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BP Oil Spill
1:44 pm
Thu January 3, 2013

Transocean To Pay $1.4 Billion In Gulf Oil Spill Settlement

The Transocean Discoverer Enterprise drill ship collects oil from the site of the Deepwater Horizon oil well as workers try to stem the flow of the spill in the Gulf of Mexico, June 12, 2010.
Saul Loeb AFP/Getty Images

Originally published on Thu January 3, 2013 5:10 pm

Transocean, the owner of the Deepwater Horizon rig where 11 men died in April 2010, has agreed to pay $1.4 billion in criminal and civil penalties to resolve Justice Department allegations over its role in the Gulf of Mexico oil spill.

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Environment
3:22 pm
Wed January 2, 2013

Austin Resource Recovery Wheels Out Pilot Compost Program

If it grows, it goes: a sampling of acceptable composting materials.
City of Austin

The brown bin and the blue bin have company: The green bin, for compost.

Austin Resource Recovery customers are familiar with the trash bin (the brown one) and the recycling bin (the blue container). But nearly 8,000 customers are now giving the 96-gallon green bin a tryout, in a pilot program to determine the feasibility of a citywide composting program.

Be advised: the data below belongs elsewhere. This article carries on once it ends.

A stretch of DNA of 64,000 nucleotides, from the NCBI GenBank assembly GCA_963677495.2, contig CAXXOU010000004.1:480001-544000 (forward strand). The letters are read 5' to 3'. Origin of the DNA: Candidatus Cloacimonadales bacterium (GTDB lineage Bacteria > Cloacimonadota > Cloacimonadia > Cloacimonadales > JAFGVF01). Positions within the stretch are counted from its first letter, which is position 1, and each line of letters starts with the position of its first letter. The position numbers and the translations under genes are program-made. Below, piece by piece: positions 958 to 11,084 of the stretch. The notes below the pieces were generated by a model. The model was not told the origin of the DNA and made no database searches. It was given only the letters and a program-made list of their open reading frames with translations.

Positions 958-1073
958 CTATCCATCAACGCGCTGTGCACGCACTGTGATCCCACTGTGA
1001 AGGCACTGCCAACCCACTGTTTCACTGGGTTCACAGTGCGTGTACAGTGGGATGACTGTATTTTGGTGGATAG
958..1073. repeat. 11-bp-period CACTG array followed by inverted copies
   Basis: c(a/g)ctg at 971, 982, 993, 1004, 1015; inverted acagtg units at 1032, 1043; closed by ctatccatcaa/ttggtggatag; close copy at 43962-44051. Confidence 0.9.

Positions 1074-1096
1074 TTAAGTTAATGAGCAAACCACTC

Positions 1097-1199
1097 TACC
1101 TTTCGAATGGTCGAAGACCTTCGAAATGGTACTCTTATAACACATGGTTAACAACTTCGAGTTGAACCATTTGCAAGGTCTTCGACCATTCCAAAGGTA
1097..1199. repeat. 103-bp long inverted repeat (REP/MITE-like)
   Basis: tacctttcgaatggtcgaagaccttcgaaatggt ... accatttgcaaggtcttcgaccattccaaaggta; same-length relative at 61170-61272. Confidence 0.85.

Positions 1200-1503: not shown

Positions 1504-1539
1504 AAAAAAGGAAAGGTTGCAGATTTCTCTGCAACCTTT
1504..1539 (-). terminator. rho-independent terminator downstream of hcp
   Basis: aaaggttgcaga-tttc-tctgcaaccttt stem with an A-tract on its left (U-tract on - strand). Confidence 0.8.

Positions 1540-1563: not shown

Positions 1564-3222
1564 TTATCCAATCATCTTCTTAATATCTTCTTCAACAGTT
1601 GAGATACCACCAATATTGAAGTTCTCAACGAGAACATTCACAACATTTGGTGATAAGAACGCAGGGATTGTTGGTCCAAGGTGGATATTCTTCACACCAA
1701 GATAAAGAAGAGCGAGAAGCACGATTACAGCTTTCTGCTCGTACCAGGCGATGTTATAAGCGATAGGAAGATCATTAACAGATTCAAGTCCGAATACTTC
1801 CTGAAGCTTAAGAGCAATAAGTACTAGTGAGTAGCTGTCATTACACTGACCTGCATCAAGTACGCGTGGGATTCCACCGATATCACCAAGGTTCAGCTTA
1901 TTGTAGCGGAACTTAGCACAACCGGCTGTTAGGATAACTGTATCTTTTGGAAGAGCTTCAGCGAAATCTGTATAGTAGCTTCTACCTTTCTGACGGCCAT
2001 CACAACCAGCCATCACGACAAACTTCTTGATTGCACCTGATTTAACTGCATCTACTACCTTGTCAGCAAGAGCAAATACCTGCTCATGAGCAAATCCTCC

In case you’ve been living under a rock – albeit one nowhere near a compost pile –  composting is the process of turning food scraps and organic, biodegradable refuse into a nutrient-rich soil appropriate for gardening and landscaping.

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Top Stories 2012
2:07 pm
Fri December 28, 2012

Top Stories of 2012: Fracking Rattles Texas

This graphic from ProPublica describes how fracking works.

2012 was a banner year for renewable energy. But in Texas and across the county, one energy story captured public attention like none other: fracking.

Fracking, or hydraulic fracturing, is a drilling practice used to extract natural gas from hard-to-reach deposits. Hydraulic fracturing fluid is pumped deep into underground wells to break up natural gas deposits. The fluid is then removed, and deposited into disposal wells, while the gas deposits are collected.

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Energy
7:59 am
Mon December 24, 2012

Forget Fracking: 2012 Was A Powerful Year For Renewables

Wind turbines stand alongside an electrical tower at the National Wind Technology Center, run by the U.S. Department of Energy, outside Boulder, Colo.
Brennan Linsley AP

Originally published on Mon January 7, 2013 10:44 am

Natural gas may have reshaped the domestic energy market in 2012, lowering energy prices and marginalizing the coal industry, but America's shale boom hasn't undermined renewables.

In fact, while analysts were paying attention to fracking this year, a record number of solar panels were being slapped on roofs — enough to produce 3.2 gigawatts of electricity.

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Environment